On to part II of our trip!
On the third day of our trip, we left Colorado Springs and drove the scenic route through the mountains to Durango. We got there in the early evening, so we walked around their historic little streets (very cool), checked out the narrow gauge railway, then had dinner at a Mexican restaurant followed by frozen yogurt at a little shop on main street.
On our way to Durango, driving through the mountains.
We stopped in Salida for lunch at a little restaurant we found. They served an awesome veggie sandwich and Greek salad! The bread, vegetables, everything was so fresh! It was lovely.
Crossing Wolf Creek Pass in the mountains. I was surprised at how much snow there still was. I kept telling Hisa that it looked like somewhere I bear might suddenly appear, but fortunately, we didn’t see any bears.
Over Wolf Creek Pass, but still in the mountains, getting close to Durango.
Finally in Durango! This is the Narrow Gauge Railroad station. It was actually closed by the time we got there, so I just took a picture of the station.
Main Street! Another cute little street with lots of shops and restaurants. There was even a band on one street corner playing bluegrass music. It seemed so fitting!
We had dinner at this great little Mexican restaurant. I’m always amazed at how different New Mexico/Colorado Mexican food is from Oklahoma/Texas Mexican food. I think New Mexico/Colorado Mexican food uses more chiles and is usually spicier in my experience. Both are wonderful though!
Here, I got a sopapilla (a kind of Mexican fry bread) stuffed with chicken, onions, and spices, and covered with melted cheese. I got both the red and green chile sauces on the side so I could try them both. Amazing.
After dinner, we walked to a frozen yogurt place on Main Street and got frozen yogurt. It was one of those self-serve frozen yogurt places. I’ve heard of them, but I’d never been to one myself until now. It was so cool. They had about 7 or 8 different flavors of frozen yogurt, and then an entire buffet of toppings that we got to help ourselves to. Like most buffets, it was quite easy to lose our heads, but if you can’t lose your head on vacation, when can you, eh? :D
The fourth day of our trip, we drove to Mesa Verde, where we saw the cliff dwellings. If you’ve never been there, it’s really cool. Some of the cliff dwellings, you can go look at by yourself, but the really cool ones, you have to go with a ranger on a tour. We went on a tour to see Cliff Palace, the biggest cliff dwelling in North America. It was really an amazing place.
The view of Cliff Palace before we hiked down into it.
Me in front of Cliff Palace.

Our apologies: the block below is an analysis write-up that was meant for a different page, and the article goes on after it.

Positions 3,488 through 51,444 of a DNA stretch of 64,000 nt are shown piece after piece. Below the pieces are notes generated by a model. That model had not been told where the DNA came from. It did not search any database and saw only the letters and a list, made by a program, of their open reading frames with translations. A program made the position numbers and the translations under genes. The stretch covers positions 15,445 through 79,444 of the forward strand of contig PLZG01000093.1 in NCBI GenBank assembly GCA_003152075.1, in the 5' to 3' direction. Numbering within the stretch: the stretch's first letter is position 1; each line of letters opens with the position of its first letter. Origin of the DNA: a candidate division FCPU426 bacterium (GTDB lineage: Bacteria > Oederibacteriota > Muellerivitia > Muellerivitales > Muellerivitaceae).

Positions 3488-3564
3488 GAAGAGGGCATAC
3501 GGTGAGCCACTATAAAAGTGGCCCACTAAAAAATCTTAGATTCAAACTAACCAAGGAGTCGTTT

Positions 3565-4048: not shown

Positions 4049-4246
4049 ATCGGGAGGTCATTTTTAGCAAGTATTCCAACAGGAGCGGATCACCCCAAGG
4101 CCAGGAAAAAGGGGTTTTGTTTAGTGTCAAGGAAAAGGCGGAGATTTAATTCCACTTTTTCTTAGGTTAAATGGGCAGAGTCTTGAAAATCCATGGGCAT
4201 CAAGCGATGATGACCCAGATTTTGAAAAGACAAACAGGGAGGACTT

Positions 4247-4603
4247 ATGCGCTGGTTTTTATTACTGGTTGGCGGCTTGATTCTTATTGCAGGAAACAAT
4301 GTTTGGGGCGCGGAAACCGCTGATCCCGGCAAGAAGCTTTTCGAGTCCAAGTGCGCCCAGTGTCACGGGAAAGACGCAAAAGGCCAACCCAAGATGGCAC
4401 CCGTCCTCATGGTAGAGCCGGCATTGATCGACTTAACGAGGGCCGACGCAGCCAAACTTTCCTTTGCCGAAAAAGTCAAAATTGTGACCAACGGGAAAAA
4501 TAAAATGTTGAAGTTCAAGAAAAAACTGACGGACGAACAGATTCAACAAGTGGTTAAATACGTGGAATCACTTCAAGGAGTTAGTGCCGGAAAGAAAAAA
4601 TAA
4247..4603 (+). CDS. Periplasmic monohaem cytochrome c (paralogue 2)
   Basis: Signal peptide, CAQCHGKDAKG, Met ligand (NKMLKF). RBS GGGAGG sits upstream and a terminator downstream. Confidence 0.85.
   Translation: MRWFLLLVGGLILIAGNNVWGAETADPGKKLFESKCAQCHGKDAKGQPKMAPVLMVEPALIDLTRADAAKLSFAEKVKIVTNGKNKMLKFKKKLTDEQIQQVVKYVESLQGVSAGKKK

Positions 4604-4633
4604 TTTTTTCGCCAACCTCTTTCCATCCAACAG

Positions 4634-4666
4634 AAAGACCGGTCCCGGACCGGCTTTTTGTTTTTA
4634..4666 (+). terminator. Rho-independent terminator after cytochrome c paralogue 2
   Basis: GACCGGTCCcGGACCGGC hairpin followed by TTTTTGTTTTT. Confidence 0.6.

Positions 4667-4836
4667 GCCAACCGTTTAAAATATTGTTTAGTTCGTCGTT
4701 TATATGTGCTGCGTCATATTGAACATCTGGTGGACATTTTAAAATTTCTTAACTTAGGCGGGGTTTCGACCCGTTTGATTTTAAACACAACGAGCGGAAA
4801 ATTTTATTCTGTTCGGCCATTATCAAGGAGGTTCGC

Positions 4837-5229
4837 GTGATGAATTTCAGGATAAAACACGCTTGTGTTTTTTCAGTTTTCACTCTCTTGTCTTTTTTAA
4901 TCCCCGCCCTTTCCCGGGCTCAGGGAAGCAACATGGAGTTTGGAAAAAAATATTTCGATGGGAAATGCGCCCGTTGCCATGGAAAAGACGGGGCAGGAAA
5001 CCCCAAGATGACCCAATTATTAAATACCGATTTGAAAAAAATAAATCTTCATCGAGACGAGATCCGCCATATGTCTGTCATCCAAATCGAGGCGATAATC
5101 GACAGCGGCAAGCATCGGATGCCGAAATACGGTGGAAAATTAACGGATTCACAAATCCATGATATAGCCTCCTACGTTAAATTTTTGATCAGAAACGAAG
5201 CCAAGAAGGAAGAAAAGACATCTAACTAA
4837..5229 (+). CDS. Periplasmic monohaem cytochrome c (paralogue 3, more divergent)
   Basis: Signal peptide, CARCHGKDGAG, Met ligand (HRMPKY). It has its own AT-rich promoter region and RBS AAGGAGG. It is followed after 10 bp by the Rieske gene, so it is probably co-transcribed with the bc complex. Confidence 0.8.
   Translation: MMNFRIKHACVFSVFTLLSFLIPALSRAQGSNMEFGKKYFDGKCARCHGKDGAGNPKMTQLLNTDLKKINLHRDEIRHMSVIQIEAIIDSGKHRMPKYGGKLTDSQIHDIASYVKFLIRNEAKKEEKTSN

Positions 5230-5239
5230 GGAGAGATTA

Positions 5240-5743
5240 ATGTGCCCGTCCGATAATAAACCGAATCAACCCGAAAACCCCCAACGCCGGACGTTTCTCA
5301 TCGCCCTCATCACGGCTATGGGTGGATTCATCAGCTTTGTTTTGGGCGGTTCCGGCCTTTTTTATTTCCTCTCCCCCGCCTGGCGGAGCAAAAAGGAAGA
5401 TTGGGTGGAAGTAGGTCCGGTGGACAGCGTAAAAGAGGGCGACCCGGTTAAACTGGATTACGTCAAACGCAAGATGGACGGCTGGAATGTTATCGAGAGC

Here’s the view of the canyon. The cliff dwellings were located on the inside walls of the canyon where the rock had been washed away into a semi-cave like area.
Cliff Palace! If you don’t know, the cliff dwellings in Mesa Verde National Park were built by the Anasazi Indians when they lived in the area, around 600 – 1300 A.D. They planted crops on the tops of the mesas, and then created these dwellings in the sides of the canyon walls. We were told they were the most peaceful of all the Indian tribes, being farmers and traders.
It’s amazing how extensive this place was. I can’t imagine how long it took the Anasazi to build it. For a long time it was a mystery why they left, but it’s been discovered that they migrated down south to New Mexico and Arizona probably due to drought.
After finishing our tour of Cliff Palace, we were hungry, so we went to one of the park’s food/gift shop places, and got some Indian Tacos.
Mmmmm, I love Indian Tacos. ♥
After lunch, we explored some more of the cliff dwellings that were open for people to walk around themselves.
This Kiva (a circular room used for religious ceremonies and also cultural use) people could actually climb down into. When I was really little, my family came to Mesa Verde for vacation and saw the cliff dwellings. The only thing I really remember from that trip was not being able to climb down into this Kiva. My brothers got to climb down in it with my dad, but I was too little at the time… Well, I waited 20 years, but I finally got to climb down into the dang Kiva!
It was cool. :)
Prof. Ueki: Now, if you look over here at Kiva #6…
After hiking to some of the other dwellings, we drove around to viewpoints of even more cliff dwellings.
Here’s the view of Cliff Palace from the other side of the canyon. They told us that Cliff Palace is the largest cliff dwelling in North America. If you ever get the chance to stop by Mesa Verde, you really should. It’s totally worth it. Also, try to go on one of the tours to Cliff Palace. The ranger’s explanation of the place, the Anasazi, and their lives is fascinating.
We ended up leaving the park around 3pm, and then drove on to Moab, Utah, where my grandparents live. We got there in the evening and then had dinner with my grandma and grandpa.
Tomorrow, I’ll post about the rest of our trip in Utah. Check back soon!